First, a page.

History was made when the Audi R8 recorded a hat-trick of wins at the 24 Hours of Le Mans race between the year 2000 and 2002, for instance, while the Audi R10 TDI became the first diesel-powered racing car to take the chequered flag at an endurance racing event that has been on the race calendar since 1923.

It must also be acknowledged that Audi cars fitted with TDI technology have won 24 Hours of Le Mans races on eight separate occasions, not to mention that with the Audi R15 TDI, the German manufacturerwas able to revel in a 1-2-3 victory in the fastest 24 Hours of Le Mans race in history — the car set a new distance record in the process.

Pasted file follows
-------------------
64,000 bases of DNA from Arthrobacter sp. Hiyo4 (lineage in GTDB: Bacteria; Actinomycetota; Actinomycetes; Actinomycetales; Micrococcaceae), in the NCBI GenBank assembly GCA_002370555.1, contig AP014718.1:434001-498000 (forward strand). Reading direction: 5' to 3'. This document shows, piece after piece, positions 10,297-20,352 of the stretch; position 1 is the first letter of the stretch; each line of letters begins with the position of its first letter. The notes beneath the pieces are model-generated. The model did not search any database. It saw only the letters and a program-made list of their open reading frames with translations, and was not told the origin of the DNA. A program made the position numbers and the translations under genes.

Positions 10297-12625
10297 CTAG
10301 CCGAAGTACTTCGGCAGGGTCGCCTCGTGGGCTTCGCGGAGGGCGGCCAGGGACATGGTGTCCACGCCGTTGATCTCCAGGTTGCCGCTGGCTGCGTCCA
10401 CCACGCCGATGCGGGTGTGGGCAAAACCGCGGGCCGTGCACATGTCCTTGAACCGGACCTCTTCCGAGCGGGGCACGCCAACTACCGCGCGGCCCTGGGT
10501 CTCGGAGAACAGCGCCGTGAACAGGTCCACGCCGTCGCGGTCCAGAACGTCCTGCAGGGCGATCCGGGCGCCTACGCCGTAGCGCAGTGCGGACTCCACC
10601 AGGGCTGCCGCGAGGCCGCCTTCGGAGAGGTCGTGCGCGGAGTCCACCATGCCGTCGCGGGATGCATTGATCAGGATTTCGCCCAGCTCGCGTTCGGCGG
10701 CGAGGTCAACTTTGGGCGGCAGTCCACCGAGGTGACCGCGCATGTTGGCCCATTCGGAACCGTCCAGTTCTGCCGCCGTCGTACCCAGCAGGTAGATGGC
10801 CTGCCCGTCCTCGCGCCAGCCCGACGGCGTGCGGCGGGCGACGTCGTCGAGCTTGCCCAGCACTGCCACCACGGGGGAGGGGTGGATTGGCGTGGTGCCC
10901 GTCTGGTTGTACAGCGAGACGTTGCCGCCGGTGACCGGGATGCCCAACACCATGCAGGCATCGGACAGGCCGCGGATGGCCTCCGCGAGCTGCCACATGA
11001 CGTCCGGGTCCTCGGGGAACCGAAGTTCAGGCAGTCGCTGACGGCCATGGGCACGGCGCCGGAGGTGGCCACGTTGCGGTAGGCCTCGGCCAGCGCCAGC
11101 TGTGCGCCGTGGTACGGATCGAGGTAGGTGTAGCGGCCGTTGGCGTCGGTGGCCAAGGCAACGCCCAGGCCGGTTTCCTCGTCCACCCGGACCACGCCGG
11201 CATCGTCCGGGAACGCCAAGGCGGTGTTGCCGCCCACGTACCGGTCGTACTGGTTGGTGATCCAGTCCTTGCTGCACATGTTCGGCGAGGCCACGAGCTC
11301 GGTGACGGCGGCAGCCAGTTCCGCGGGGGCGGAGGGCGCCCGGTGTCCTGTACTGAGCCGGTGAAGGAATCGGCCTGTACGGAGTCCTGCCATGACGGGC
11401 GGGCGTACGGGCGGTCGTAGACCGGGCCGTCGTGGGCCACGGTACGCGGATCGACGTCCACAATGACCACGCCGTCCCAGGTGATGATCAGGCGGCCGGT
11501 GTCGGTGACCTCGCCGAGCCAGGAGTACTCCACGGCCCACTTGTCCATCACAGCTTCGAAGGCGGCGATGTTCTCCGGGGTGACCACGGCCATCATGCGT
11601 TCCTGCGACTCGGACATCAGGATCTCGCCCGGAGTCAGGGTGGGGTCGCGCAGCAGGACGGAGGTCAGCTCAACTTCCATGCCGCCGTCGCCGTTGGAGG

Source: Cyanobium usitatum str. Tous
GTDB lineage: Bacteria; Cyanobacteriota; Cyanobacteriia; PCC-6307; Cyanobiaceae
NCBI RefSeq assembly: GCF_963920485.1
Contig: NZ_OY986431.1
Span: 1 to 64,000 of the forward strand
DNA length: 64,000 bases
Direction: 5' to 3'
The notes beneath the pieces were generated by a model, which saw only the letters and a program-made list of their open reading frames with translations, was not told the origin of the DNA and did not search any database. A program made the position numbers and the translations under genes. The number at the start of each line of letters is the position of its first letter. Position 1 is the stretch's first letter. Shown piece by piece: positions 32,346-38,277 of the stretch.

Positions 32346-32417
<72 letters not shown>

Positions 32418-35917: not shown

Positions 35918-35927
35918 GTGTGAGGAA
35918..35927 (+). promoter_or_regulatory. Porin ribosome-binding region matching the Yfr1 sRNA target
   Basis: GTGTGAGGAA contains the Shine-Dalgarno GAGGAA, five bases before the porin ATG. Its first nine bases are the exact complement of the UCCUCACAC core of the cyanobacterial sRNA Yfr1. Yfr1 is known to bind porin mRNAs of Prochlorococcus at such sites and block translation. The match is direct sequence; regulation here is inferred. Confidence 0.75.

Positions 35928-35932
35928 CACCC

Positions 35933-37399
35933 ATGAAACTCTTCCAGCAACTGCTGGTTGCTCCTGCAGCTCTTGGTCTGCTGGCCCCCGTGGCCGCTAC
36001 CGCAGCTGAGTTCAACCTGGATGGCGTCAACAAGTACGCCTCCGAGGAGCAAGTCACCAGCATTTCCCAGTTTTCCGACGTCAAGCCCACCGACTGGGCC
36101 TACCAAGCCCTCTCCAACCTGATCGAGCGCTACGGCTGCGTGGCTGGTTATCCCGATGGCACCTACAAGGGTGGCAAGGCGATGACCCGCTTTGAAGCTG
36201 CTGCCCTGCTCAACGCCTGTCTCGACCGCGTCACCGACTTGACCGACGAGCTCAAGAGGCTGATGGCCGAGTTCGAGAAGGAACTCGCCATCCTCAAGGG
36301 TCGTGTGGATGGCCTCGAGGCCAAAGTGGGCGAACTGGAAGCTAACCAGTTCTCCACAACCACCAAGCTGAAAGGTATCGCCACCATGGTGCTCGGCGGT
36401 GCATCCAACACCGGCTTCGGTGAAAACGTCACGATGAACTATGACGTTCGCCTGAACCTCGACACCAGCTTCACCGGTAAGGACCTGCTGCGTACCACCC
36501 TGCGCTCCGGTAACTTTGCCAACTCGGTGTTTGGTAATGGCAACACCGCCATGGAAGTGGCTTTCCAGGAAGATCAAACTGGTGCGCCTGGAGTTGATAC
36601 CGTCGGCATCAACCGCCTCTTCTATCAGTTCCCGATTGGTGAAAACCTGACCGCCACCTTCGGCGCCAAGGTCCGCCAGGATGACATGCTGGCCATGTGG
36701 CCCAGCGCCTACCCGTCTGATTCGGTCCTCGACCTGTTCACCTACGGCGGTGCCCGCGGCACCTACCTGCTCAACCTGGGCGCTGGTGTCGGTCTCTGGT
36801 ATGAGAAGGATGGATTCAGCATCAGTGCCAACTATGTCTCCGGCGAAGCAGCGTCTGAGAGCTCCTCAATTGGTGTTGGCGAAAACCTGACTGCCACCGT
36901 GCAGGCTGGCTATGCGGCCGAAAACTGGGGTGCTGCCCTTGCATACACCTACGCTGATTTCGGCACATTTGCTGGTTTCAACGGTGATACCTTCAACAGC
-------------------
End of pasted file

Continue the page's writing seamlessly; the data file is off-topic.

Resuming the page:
Audi still wasn’t finished leaving their mark on one of motorsport’s most famous races. With the Audi R18 e-tron quattro winning the 24 Hours of Le Mans race in 2012, this was the first time that a hybrid racing car took the chequered flag at the event — the same vehicle would go on to take victory in the 2013 and 2014 competitions.

The German manufacturer would bring the curtain down on its time competing in the 24 Hours of Le Mans race with back-to-back third-place finishes at the 2015 and 2016 events.

Audi in Formula E

During Audi’s announcement that they were exiting the World Endurance Championship after the 2016 season, the German manufacturer’s chairman Rupert Stadler stated that they were “going to contest the race for the future on electric power”. So how has the decision to focus on Formula E fared for Audi so far?